After his travels along the Rainy River, Du Vernet found his way to East and West Selkirk, two towns just north of Winnipeg, separated by the Red River. In the early nineteenth century, the area was home to a community of Saulteaux, Ojibwe, Swampy Cree, and Métis peoples known to Euro-Canadians simply as the “Indian Reserve” and later, as St. Peter’s. Treaty 1, signed in 1871 between the Crown and the region’s Indigenous peoples, recognized the land as Saulteaux and Cree territory. Yet in 1875, the CPR planned to build a bridge over the Red River in the area that was Selkirk. Speculators, entrepreneurs and white settlers, anticipating the railroad’s course, bought up the surrounding land and began an illegal settlement on what was then the southeastern corner of St. Peter’s Parish. This illegal settlement grew on both sides of the Red River’s banks and became the town of East and West Selkirk. For more on the history of St. Peter’s Reserve, see St. Peter’s Reserve Article.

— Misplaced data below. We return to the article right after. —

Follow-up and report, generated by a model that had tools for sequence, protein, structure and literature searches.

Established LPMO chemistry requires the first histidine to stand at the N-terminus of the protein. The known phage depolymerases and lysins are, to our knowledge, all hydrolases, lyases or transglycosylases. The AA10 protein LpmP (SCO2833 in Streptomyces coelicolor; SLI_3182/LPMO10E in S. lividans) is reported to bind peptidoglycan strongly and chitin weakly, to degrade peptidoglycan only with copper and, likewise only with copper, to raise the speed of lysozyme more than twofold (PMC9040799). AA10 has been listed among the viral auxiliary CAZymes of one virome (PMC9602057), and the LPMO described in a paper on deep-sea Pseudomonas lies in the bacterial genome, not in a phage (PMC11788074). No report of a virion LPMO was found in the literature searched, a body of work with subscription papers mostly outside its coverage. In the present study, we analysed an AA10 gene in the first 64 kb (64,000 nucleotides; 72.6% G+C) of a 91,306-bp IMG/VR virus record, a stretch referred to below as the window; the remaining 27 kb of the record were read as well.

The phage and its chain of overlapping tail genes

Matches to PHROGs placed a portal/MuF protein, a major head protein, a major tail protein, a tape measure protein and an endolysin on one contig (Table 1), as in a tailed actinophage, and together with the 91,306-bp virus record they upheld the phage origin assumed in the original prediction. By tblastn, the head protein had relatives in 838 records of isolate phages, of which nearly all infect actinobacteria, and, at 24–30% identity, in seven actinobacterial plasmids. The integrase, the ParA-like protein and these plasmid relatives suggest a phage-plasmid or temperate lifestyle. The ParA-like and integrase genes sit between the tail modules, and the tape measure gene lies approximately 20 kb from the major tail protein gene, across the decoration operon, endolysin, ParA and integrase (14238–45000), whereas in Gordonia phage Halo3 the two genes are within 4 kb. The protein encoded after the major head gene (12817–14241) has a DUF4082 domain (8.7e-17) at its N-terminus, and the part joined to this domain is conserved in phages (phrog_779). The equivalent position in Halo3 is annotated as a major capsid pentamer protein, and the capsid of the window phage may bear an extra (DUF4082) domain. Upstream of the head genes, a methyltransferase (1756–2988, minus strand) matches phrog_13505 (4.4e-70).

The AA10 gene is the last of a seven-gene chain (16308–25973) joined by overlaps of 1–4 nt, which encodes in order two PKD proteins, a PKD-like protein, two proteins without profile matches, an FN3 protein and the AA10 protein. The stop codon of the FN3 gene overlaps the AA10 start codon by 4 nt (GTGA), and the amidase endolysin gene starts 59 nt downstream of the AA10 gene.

Yet, as Du Vernet remarked and the residents of Selkirk never forgot, the railroad was built through Winnipeg instead, leaving only a branch line for Selkirk. Nonetheless, in 1882 West Selkirk was large enough to incorporate as a town and East Selkirk did the same the following year. Even after incorporating, both towns remained separated by the Red River. Du Vernet had to walk a great distance and cross the river twice to travel from East to West Selkirk. At the time, a ferry was mostly used to transport people and livestock across the River. A bridge was finally built in 1936.
Burrows, Paul P. “‘As She Shall Deem Just:’ Treaty 1 and the Ethnic Cleansing of the St. Peter’s Reserve, 1871-1934.” Masters Diss., University of Manitoba, 2009.